Ergo Proxy has one of the best first episodes of all time, complete with shower scene and perfectly executed original concepts, but tends to become a little confusing towards the last episode. Many people view this confusion as a bad thing, but I found it, at the very least, interesting and, at the very most, satisfyingly emotional.
In the future everyone has their own robot, or AutoReiv, designed for any purpose and the sanctity of that purpose never come into question by the government.
They’re too busy conducting secret experiments.
The excessively hierarchical city of Romdo, a dome city due to environmental destruction, allows for a dark and mysterious set of occurrences to unfold. The main mystery is that these AutoReivs are contracting a virus that allows them free will.
The viciously determined and beautiful granddaughter of the higher ups, Re-l, in the city is sent to investigate, complete with cyberpunk AutoRiev, Vehicle, and absolute demand for respect. Her cast later grows to a party of four and incorporates more steampunk-like devices. The shadowy and almost murky plot is coupled very nicely by her heavy gothic completion and style. She ends up having to share to role for protagonist with a man named Vincent, who offers some more well executed original concepts later on.
The plot has heavy philosophical undertones and tends to focus on the psychological aspects of the characters as well, rather than infinite futuristic action. When there is action, there is a reason, and it is intended for the viewer to seek that reason out.
When I first watched the series, I know that I saw some notes and quotations provided by certain philosophers at some point in the series. I have had this idea denied by members of my anime society and can no longer seem to find them myself, but do not concede their existence.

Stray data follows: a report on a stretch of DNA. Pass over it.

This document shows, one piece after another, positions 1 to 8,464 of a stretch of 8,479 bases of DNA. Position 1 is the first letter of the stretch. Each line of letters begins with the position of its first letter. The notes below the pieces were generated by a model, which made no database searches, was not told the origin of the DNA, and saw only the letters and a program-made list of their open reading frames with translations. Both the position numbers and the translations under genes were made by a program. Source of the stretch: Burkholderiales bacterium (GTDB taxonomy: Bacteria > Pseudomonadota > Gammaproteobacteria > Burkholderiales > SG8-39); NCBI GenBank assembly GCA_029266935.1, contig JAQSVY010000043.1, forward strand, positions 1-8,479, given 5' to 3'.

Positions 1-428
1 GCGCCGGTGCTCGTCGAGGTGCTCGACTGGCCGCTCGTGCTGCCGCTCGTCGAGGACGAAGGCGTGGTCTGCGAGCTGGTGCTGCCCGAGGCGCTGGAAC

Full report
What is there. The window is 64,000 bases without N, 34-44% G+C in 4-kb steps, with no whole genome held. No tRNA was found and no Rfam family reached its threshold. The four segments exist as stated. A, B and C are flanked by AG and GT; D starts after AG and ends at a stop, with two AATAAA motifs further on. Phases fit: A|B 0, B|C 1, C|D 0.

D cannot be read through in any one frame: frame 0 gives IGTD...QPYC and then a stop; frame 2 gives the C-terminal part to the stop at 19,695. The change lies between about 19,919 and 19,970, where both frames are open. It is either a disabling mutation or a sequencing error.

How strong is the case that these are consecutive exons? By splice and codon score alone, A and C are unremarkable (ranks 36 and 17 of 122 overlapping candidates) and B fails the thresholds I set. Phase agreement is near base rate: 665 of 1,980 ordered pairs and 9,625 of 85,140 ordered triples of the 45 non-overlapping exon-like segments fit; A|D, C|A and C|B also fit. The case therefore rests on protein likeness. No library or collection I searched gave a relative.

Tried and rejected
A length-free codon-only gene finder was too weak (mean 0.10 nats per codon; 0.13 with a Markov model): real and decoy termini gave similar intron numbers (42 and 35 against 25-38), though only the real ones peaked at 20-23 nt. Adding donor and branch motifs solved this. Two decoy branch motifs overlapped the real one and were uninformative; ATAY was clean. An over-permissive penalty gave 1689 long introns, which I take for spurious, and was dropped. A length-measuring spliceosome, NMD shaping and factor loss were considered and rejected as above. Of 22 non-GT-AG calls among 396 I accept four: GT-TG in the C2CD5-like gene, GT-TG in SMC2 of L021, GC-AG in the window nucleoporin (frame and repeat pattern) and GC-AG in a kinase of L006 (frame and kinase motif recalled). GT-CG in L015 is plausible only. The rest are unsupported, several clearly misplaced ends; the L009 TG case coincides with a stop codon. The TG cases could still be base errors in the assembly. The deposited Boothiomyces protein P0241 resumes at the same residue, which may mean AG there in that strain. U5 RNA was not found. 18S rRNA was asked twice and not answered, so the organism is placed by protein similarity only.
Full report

The name itself is a philosophic quote from Descartes, meaning, “I think therefore I am.”
The show is heavily philosophical, regardless, and ties in well together overall since the director, Shukou Murase, says he was given almost “too much freedom” by Manglobe, the producers.
Ergo Proxy aired in both Japan and the US in 2006 and is now showing for free on its current owner’s, Funimation, YouTube channel.
The show’s puzzling and dark tones can be almost mirrored in Witch Hunter Robin, Murase’s debut anime, where isolation is sometimes the only form of safety.
The soundtrack is beyond reproach as originality goes. It has a score set for intensity and thought provoking that is ever ominous in a non-nagging way. It is almost like opera while bringing in orchestral instruments for that added control. It is a very interesting pairing for the dingy streets of the futuristic Romdo. The music is one of the most drawling and refreshing aspects in the anime as this director has a real mastery of artistically utilizing the frames in concurrence with the music.
Its refreshing mix of steampunk, cyberpunk, and originality earned Ergo Proxy quite a cult following. Many people even refuse to accept the ending as the true ending. This is purely because of their feeling and not because of any other factor, such as budget cuts. I believe that this attests to the compellingly well done other 21 episodes, as, famous anime of merit, Neon Genesis Evangelion had this exact same issue of hatred for the ending episodes.
It is definitely worth watching the first episode regardless of what people say. It is one of the best written and produced 20-minute pieces of media around.